Thoughts from a top-down raglan


  1. Good things take time. I have spent more hours on this Improv than I have on any other item for myself. There have been days when my wrists and shoulders ached from repetitive motion. Not all garments come with a deadline, so this won’t always be the case, but it will remain true that if it’s worth having… it’s worth making.
  2. Similarly, it’s worth it to do things right. My #rippingforjoy moments weren’t nearly as dramatic as some of my other  co-KAL participants, but I definitely had to do (and re-do, and re-do) several parts to get them just right. Nobody wants to yank out five hours of stockinette stitch… but nobody wants to have a sweater in her closet that doesn’t fit right. Rip it out. Try again.
  3. Finish as you go. In her comprehensive tutorial, Karen Templer suggested completing the neck band shortly after the yoke takes shape. This was game-changing for me. To be able to look at that finished element made the whole sweater feel more “done” the entire time and– best of all– eliminated “finishing fatigue” when all the major elements were already completed. I would also add in here that weaving in ends as you go is a delightfully easy way to cut down on final finishing.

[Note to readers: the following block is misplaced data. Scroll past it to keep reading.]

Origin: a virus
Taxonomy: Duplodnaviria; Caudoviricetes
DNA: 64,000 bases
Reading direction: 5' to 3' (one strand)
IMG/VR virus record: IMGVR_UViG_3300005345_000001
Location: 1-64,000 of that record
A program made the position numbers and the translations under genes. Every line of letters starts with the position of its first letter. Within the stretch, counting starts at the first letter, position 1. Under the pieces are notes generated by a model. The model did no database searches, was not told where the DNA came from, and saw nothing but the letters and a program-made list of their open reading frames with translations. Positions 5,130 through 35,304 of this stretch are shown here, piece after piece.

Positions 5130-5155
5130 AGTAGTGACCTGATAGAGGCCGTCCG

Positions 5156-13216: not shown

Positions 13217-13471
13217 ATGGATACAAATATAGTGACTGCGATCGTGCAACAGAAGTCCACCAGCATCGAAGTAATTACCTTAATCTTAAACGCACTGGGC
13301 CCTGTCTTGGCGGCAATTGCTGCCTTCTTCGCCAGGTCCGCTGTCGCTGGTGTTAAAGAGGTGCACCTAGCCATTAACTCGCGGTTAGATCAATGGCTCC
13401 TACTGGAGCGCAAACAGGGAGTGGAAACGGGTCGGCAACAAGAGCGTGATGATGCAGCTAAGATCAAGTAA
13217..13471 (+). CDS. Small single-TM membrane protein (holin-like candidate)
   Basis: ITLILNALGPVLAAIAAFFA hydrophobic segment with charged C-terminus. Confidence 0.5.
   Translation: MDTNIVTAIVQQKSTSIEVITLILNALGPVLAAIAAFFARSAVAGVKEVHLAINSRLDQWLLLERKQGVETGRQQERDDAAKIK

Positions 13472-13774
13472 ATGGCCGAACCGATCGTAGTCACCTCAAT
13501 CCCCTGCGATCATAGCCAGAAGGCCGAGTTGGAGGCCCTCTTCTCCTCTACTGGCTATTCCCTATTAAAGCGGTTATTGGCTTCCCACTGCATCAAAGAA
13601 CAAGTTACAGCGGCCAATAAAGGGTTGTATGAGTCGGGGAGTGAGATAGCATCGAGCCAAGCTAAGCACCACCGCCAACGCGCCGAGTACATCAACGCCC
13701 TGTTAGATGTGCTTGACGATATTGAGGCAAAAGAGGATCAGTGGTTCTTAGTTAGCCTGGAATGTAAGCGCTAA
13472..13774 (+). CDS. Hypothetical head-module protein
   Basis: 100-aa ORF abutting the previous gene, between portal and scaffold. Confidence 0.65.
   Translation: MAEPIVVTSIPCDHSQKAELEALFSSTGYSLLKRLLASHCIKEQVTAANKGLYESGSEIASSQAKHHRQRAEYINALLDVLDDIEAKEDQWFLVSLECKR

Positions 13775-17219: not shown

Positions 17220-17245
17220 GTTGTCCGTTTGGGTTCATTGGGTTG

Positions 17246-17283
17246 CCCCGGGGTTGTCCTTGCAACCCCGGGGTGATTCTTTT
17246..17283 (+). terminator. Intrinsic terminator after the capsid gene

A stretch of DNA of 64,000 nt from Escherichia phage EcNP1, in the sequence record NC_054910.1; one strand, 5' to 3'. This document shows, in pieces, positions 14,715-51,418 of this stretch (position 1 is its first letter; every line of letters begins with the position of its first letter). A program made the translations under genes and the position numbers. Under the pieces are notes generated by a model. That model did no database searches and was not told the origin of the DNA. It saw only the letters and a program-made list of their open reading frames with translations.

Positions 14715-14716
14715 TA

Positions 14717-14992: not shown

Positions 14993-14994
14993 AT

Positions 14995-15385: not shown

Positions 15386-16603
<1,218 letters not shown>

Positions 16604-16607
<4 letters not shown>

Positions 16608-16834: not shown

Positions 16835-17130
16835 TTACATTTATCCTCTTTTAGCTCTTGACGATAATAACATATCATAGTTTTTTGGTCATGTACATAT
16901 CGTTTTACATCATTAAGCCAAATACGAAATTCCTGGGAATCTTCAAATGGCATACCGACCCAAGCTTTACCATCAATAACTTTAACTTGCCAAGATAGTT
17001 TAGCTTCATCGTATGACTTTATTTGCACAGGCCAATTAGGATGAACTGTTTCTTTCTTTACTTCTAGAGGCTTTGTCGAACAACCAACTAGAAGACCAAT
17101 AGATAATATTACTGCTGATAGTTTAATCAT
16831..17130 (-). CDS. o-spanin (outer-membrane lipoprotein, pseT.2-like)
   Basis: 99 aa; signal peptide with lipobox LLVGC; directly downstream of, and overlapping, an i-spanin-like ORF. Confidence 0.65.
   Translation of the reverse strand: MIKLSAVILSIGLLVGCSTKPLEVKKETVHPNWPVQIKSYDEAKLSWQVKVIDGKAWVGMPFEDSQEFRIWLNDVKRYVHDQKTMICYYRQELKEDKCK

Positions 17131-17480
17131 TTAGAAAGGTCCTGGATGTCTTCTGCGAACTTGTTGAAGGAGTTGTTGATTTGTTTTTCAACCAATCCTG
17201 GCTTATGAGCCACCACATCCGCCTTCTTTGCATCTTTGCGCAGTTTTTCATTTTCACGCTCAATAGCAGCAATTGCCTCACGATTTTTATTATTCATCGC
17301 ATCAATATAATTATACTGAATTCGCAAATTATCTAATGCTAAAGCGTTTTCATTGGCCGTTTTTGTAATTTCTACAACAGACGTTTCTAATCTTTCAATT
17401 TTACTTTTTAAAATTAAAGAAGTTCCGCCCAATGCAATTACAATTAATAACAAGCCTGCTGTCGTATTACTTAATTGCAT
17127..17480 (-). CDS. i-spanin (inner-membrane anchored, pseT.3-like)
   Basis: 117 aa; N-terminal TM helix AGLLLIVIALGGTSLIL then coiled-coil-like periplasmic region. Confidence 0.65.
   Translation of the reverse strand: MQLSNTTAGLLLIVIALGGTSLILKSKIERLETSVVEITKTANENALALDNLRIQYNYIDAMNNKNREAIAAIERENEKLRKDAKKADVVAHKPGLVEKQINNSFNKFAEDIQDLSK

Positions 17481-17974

4. Always knit with friends when you can. I gushed about the incredible community that joined me in this sweater saga, but I’ll say it again: fiber people are the kindest people. Something that amazes me about knitters is how we don’t get jealous of one others’ work. Our world– and especially our virtual world– is a competitive one. We women compare and slander and belittle ourselves and one another if we feel like we don’t measure up. Not so with knitters. I can cheer on the semi-famous Instagrammer with complex cablework and 1,000 more likes than me because, dangit, her sweater is gorgeous! And while I might envy the talent, it manifests itself in a hunger to learn and grow my skills, rather than a comparison game. Nobody thinks I’m silly for making a simple stockinette pullover when others have intricate colorwork or tricky construction tricks. Nobody revels in someone else’s mistakes. When one frogs, we all mourn. When one completes a masterpiece, we all happy dance. The world needs more knitters.


Pattern: Improv by Karen Templer
Yarn: Madelinetosh Silk Merino in Modern Fair Isle
My project page: To the Victor goes the Sweater


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